Television programming regulation : examining the policy implementation of local content quotas in Uganda
Imokola, John Baptist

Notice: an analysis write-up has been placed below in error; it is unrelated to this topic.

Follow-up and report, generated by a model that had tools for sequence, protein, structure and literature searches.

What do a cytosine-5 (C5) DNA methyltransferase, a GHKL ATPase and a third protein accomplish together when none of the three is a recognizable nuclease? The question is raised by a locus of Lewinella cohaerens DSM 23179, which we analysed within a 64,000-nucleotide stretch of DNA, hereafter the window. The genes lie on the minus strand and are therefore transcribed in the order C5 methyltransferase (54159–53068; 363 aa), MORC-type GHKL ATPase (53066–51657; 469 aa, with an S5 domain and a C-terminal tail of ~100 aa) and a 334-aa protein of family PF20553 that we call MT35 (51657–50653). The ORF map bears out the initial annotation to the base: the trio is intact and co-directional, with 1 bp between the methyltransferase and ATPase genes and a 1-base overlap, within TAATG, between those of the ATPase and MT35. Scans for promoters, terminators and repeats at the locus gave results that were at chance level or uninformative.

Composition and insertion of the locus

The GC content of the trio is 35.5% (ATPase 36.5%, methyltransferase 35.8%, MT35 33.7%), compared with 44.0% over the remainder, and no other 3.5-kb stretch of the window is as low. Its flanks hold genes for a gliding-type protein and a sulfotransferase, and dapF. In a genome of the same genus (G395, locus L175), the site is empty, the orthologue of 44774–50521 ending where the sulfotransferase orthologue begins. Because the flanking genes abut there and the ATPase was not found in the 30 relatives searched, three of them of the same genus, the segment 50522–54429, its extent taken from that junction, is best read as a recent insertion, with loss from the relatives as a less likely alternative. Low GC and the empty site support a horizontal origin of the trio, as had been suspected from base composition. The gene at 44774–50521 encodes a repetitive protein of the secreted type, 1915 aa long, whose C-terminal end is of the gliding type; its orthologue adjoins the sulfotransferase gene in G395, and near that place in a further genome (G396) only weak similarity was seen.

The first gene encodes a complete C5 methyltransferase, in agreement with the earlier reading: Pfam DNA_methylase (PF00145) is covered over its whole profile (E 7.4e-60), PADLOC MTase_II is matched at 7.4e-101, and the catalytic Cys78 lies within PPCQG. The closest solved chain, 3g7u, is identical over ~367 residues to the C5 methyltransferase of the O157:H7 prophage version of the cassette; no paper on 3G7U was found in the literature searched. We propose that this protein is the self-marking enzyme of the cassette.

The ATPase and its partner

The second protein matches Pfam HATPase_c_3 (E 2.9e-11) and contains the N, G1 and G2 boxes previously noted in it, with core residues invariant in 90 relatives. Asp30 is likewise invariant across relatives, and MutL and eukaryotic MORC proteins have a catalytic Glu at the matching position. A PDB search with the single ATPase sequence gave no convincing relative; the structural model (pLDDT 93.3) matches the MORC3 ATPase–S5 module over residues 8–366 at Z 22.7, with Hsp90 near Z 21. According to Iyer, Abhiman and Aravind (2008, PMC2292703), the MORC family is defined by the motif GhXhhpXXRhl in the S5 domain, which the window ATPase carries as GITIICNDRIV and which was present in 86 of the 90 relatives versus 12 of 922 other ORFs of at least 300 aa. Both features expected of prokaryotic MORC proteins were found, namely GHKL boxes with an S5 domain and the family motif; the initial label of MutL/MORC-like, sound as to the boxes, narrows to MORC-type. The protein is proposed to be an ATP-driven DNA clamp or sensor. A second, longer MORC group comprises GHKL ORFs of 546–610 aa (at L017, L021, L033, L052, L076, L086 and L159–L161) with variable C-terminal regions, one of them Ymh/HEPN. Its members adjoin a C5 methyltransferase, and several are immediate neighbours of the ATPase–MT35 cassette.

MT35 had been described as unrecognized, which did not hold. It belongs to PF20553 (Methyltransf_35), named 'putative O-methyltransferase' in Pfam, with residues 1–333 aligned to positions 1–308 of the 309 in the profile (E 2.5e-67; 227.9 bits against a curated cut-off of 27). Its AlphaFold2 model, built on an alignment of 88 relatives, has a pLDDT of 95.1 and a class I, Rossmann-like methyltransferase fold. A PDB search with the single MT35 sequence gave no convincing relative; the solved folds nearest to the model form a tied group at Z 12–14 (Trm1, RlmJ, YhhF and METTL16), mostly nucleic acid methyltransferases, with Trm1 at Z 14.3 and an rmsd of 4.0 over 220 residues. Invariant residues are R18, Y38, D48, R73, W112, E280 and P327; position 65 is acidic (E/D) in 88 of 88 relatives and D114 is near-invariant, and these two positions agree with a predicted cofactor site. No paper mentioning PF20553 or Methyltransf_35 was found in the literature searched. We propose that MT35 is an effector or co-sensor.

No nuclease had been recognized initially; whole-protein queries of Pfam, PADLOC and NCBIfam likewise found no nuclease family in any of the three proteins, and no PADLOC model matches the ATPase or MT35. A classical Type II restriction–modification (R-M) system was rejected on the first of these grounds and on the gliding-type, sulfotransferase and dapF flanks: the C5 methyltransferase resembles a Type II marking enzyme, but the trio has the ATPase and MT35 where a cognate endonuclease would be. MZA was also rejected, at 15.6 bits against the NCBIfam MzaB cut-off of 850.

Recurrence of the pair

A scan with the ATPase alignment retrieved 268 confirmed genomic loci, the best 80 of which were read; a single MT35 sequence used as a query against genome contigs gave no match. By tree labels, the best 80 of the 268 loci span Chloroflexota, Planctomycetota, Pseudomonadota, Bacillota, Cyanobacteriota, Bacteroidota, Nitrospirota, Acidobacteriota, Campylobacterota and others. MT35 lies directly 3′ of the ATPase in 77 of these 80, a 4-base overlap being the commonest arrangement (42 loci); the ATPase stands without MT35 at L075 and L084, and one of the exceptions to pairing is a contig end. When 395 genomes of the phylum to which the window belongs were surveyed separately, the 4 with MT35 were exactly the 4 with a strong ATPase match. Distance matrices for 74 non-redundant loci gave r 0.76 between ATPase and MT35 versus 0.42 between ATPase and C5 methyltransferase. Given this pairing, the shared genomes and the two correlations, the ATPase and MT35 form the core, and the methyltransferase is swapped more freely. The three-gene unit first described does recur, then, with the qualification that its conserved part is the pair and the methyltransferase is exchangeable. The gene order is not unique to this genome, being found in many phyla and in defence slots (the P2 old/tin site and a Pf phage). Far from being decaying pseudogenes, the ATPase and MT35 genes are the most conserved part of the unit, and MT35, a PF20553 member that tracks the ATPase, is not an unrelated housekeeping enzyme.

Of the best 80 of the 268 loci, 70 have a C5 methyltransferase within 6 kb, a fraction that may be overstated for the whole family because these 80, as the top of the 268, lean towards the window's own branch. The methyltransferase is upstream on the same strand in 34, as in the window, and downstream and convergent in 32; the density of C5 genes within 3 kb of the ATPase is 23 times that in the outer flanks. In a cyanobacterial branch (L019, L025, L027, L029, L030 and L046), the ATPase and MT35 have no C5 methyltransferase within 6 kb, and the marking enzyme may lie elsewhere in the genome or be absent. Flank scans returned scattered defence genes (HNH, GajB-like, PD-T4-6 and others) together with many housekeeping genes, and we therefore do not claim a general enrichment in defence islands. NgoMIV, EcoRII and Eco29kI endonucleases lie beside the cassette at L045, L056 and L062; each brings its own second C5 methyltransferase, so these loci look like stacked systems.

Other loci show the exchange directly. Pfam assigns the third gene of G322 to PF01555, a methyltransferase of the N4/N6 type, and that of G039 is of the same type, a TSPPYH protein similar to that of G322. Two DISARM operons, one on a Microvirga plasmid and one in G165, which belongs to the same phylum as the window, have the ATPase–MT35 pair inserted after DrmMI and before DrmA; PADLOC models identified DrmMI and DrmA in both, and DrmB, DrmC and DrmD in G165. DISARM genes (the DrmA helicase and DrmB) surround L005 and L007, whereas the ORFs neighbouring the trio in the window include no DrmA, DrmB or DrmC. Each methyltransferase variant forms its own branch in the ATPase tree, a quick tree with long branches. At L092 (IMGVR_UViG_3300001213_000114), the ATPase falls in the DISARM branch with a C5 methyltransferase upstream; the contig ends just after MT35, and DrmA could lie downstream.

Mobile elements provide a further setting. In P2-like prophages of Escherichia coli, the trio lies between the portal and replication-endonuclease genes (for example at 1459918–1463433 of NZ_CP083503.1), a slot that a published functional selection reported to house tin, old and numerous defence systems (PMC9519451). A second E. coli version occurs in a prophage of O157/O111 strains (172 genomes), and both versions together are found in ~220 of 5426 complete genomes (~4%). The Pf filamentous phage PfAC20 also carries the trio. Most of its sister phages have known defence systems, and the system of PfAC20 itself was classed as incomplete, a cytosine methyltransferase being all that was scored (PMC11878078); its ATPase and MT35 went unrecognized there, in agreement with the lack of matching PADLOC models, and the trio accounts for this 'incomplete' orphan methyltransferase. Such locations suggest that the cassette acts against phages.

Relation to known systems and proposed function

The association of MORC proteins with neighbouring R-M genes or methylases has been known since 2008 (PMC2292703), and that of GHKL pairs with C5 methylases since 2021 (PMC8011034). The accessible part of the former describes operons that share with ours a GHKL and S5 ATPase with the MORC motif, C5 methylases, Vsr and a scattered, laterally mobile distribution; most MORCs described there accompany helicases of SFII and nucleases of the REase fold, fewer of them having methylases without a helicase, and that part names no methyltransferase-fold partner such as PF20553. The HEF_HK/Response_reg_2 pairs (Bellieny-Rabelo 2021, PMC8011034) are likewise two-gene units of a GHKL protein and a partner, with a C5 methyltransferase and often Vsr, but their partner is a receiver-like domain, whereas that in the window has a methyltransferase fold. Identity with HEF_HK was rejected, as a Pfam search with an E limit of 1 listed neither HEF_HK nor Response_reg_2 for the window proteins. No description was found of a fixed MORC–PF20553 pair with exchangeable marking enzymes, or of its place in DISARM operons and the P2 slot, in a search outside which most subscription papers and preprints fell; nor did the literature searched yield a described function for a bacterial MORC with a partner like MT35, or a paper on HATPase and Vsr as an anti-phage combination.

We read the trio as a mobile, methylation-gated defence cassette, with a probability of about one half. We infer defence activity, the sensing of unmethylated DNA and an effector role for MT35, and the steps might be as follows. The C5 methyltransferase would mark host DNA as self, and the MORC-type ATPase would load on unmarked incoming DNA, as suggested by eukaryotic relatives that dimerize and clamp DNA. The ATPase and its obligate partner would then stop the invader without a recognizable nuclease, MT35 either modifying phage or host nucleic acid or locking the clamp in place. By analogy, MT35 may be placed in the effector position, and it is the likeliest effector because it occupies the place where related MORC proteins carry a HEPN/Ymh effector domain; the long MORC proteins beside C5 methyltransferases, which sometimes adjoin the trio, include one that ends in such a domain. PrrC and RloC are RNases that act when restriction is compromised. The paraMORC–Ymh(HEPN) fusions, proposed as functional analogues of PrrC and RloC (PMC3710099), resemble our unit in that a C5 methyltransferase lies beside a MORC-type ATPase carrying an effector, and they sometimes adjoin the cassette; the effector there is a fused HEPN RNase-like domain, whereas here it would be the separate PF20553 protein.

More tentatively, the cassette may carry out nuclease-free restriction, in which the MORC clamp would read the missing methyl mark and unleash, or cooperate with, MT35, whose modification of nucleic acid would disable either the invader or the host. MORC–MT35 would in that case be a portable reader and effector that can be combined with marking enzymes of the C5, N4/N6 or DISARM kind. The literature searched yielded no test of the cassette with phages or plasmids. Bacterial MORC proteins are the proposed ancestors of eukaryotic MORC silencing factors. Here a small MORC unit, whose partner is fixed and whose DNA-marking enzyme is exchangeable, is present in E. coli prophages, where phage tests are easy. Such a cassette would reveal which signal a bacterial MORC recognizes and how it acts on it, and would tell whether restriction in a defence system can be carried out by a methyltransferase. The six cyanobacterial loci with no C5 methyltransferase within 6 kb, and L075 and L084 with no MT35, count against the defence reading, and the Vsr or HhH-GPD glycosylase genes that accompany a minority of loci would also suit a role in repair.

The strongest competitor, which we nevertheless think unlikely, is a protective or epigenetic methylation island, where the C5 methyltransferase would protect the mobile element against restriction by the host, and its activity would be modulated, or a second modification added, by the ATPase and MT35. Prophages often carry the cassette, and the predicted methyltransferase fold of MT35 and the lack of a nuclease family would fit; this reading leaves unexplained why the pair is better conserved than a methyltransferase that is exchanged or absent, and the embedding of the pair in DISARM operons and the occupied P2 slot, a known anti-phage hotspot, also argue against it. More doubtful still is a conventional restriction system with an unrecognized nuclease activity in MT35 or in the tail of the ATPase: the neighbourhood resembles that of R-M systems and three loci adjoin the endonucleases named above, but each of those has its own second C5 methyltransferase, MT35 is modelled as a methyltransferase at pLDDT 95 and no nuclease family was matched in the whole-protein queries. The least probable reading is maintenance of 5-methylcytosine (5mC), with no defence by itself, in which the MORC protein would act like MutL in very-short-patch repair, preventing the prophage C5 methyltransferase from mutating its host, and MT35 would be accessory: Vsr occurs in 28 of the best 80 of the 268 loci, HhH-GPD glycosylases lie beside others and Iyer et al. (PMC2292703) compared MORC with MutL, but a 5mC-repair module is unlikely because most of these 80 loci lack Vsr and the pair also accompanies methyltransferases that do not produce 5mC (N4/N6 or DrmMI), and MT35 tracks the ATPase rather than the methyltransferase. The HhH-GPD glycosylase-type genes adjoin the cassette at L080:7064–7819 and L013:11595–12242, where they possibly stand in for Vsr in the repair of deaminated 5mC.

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This study analyzes how television local content regulation is working in a Ugandan multi-cultural and free economy television industry, perspectives of the different stakeholders, opportunities accruing from the policy and implementation challenges. Guided by the Circuit of Culture theory, supported Critical Political Economy (CPE) theory, the study used key informant interviews, focus group discussions and document analysis to gather insights and perspectives to the local content quotas. The study finds that Uganda Communications Commission, the television stations, and independent content producers have reacted in different ways, such as increased production and acquisition of local content, to implement television local content quotas in Uganda. There are diverse perspectives to television local content quotas, with audiences appreciating the local content quotas policy, although they have mixed feelings about its implementation. There are several opportunities that the television industry, independent content producers and the country generally have benefited from the policy, and more opportunities to be exploited if the policy is improved. These, despite several structural, conceptual, economic and political challenges to its successful implementation. The major challenges have to do with the conceptualization of ‘local content’, and the influence of globalization and economic factors on such a cultural policy. These findings can be discussed using the different moments of the Circuit of Culture theory – identity, representation, regulation, production and consumption, and the core elements of the Critical Political Economy theory. To address the identified challenges and generally improve LCQs implementation, this study makes recommendations to various stakeholders, including a proposal for a new definition of ‘local content’. The study concludes that the local content quotas have been implemented in varying ways; with diverse perspectives from stakeholders. The policy however needs to be implemented in consideration of the existing structural and conceptual underpinnings.